When Misaki hid her sword, she nailed the floorboards down over it. It was a promise to herself. She might never be able to destroy the part of her that was aggressive and willful, but she could bury it. That was what she had thought at the time.
“A jijaka is a fine thing to be,” Master Wangara had once told her.
“Why?” she asked.
“Water is the best substance a fighter can embody,” the wiry old tajaka had said. “Most strong things are rigid. If you are water, you can shift to fit any mold and freeze yourself strong. You can be strong in any shape. You can be anything.”
I can be strong in any shape, Misaki told herself as she packed up the hammer and nails. I can be anything. And if she had adapted to the dangers of Livingston’s dark alleys, how hard could it be to master marriage and motherhood?
“It will all be worth it when you hold a child in your arms,” her mother had told her, all aglow with pride. “It will be worth it when you watch them grow.”
“As Nagi smiles on strong men, Nami smiles on patient women,” her father had told her.
And Misaki had believed them. Not because it made any sense. Because she had to. Because if she didn’t believe it was worth it, then what had she done?
So, when her new husband barely even looked at her in the aftermath of their wedding, she kept smiling. When her father-in-law snapped at her, she bowed, and spoke sweetly, and did as she was told. It would all be worth it. When her husband’s frigid nyama made her skin crawl, she gritted her teeth and endured his touch. It would all be worth it. When the pain of labor was so intense she nearly passed out, she held back her tears and her screams. It would all be worth it to hold the child in her arms.
As she reached out to hold Mamoru for the first time, she forced a smile. But as his tiny body curled up against her breast, he wasn’t warm. She held him close and waited, but the joy she was supposed to feel never came. All she felt was a cold echo of her husband’s jiya, pulsing from the baby, reminding her that the child she held in her arms was not truly hers. He was a Matsuda.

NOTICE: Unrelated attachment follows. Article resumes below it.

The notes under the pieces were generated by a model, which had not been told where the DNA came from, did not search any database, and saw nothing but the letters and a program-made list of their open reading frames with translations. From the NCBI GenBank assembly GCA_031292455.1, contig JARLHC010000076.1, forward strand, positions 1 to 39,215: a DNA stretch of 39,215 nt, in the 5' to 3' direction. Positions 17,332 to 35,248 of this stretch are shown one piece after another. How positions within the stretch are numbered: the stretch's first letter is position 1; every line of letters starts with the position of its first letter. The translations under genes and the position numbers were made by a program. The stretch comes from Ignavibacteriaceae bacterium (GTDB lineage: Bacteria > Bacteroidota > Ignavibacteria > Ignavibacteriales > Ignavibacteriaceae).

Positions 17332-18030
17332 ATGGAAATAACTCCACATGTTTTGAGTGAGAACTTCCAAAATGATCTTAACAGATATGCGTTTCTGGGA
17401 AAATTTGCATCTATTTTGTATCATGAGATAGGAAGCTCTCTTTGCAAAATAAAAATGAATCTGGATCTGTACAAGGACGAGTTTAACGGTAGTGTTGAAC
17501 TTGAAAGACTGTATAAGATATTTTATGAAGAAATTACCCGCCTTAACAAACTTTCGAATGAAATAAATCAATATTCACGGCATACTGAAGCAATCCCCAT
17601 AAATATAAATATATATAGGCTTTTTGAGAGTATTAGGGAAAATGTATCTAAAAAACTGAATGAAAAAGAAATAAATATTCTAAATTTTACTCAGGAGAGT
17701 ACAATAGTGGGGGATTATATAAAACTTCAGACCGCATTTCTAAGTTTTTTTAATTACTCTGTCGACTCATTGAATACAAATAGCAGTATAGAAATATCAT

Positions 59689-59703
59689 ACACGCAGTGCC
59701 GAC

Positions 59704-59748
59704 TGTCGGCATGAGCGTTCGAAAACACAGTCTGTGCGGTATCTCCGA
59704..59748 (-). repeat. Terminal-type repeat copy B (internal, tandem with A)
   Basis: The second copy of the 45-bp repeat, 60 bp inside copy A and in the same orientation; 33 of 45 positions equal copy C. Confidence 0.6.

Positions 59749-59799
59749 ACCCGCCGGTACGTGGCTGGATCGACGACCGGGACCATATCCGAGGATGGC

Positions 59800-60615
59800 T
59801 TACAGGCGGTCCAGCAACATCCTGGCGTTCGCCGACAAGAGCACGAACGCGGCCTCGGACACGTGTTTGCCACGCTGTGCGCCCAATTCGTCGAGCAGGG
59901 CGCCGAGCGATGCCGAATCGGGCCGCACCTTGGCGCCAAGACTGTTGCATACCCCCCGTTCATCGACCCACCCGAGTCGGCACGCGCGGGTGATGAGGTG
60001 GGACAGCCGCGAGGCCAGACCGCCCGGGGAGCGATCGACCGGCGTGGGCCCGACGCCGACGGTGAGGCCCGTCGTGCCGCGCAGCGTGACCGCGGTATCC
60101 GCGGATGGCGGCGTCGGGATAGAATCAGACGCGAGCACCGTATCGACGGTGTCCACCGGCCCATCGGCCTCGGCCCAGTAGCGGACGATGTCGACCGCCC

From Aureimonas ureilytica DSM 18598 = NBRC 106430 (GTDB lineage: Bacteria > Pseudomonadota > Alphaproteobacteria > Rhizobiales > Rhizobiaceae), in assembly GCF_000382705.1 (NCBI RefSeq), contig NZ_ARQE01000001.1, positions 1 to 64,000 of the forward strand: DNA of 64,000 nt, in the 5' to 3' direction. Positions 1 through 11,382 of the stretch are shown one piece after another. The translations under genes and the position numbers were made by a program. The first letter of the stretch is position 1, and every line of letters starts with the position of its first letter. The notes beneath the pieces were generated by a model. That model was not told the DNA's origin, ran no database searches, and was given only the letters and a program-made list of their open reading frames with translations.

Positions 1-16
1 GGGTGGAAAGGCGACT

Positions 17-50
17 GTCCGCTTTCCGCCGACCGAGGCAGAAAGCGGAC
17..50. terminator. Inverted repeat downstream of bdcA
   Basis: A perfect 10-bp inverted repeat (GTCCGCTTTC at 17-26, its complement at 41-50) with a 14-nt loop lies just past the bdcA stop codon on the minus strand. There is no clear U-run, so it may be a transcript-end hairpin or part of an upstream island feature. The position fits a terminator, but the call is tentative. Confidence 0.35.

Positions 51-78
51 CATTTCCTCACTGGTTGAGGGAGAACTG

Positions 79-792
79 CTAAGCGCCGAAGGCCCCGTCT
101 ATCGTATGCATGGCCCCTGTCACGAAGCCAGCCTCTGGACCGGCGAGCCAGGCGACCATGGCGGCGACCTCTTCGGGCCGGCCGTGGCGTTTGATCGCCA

It was then that she should have realized that the divine light she had been promised was not coming. It was never coming. But Misaki had always been too stubborn—or too stupid—to acknowledge her mistakes. So she forced down the tears, smiled her sweetest smile, and held the infant closer, even as the feel of him made her want to shudder and retch. She forced herself to love him.
As Mamoru grew, so did his jiya. By the age of three, he had the aura of a much older theonite. Morning mist would reach out to touch his skin like fingers, standing water would freeze his touch, and dew drops would slide from blades of grass to dog his footsteps. Misaki had grown up in a household of strong jijakalu, but even she had never heard of such power in such a small child.
“Were you and Takeru like this when you were little?” Misaki asked her brother-in-law one evening as Mamoru splashed in a puddle in the garden. His little hands sent the water flying higher than normal. A few drops turned to ice and pinged off the roof. “Was your jiya this strong when you were three?”
“Ah…” Takashi scratched the back of his head. “To tell you the truth, I don’t really recall. My first memory of using my jiya was when Grandfather started training me for combat.”
“How old were you?” Misaki asked.
Takashi shrugged. “Five? Six, maybe? You could check with our father. Then again…” maybe don’t were the words Takashi meant to say but couldn’t. Matsuda Susumu tended to get particularly ill-tempered any time someone raised the subject of his sons’ overwhelming power. It was a sore subject for him.
“So, you didn’t start properly training your jiya until you were school age?” Misaki said.
“That’s the way it’s usually done.”
“Usually,” Misaki repeated, “but Mamoru is an unusual child. Shouldn’t someone teach him to control that power before he hurts himself?” The average three-year-old theonite didn’t manifest enough power for this to be an issue, but Mamoru’s abilities were fast approaching a level where they would become genuinely dangerous.
Takashi shrugged. “When the boy starts his training will be up to his father.” A gentle reminder that Misaki was overstepping her authority.
“Of course,” she said, bowing her head.
“And, knowing Takeru, he won’t want to train Mamoru-kun himself until the boy has at least learned his fundamentals at school,” Takashi continued. “I don’t—oops!” He threw a hand out to stop an arc of half-frozen water droplets before they hit himself and Misaki. “Careful there, little one!” he laughed, vaporizing the drops with a flick of his fingers. “You almost hit your mother. My, my…” he mused, staring at Mamoru. “Maybe he could use a little help. You should ask Takeru if he can start training a little early.”
Misaki did. But as usual, Takeru had no interest in his child’s parenting and even less interest in his wife’s opinions on it. As Takashi had predicted, he said, “I’m a master jijaka and swordsman. I don’t train little children.”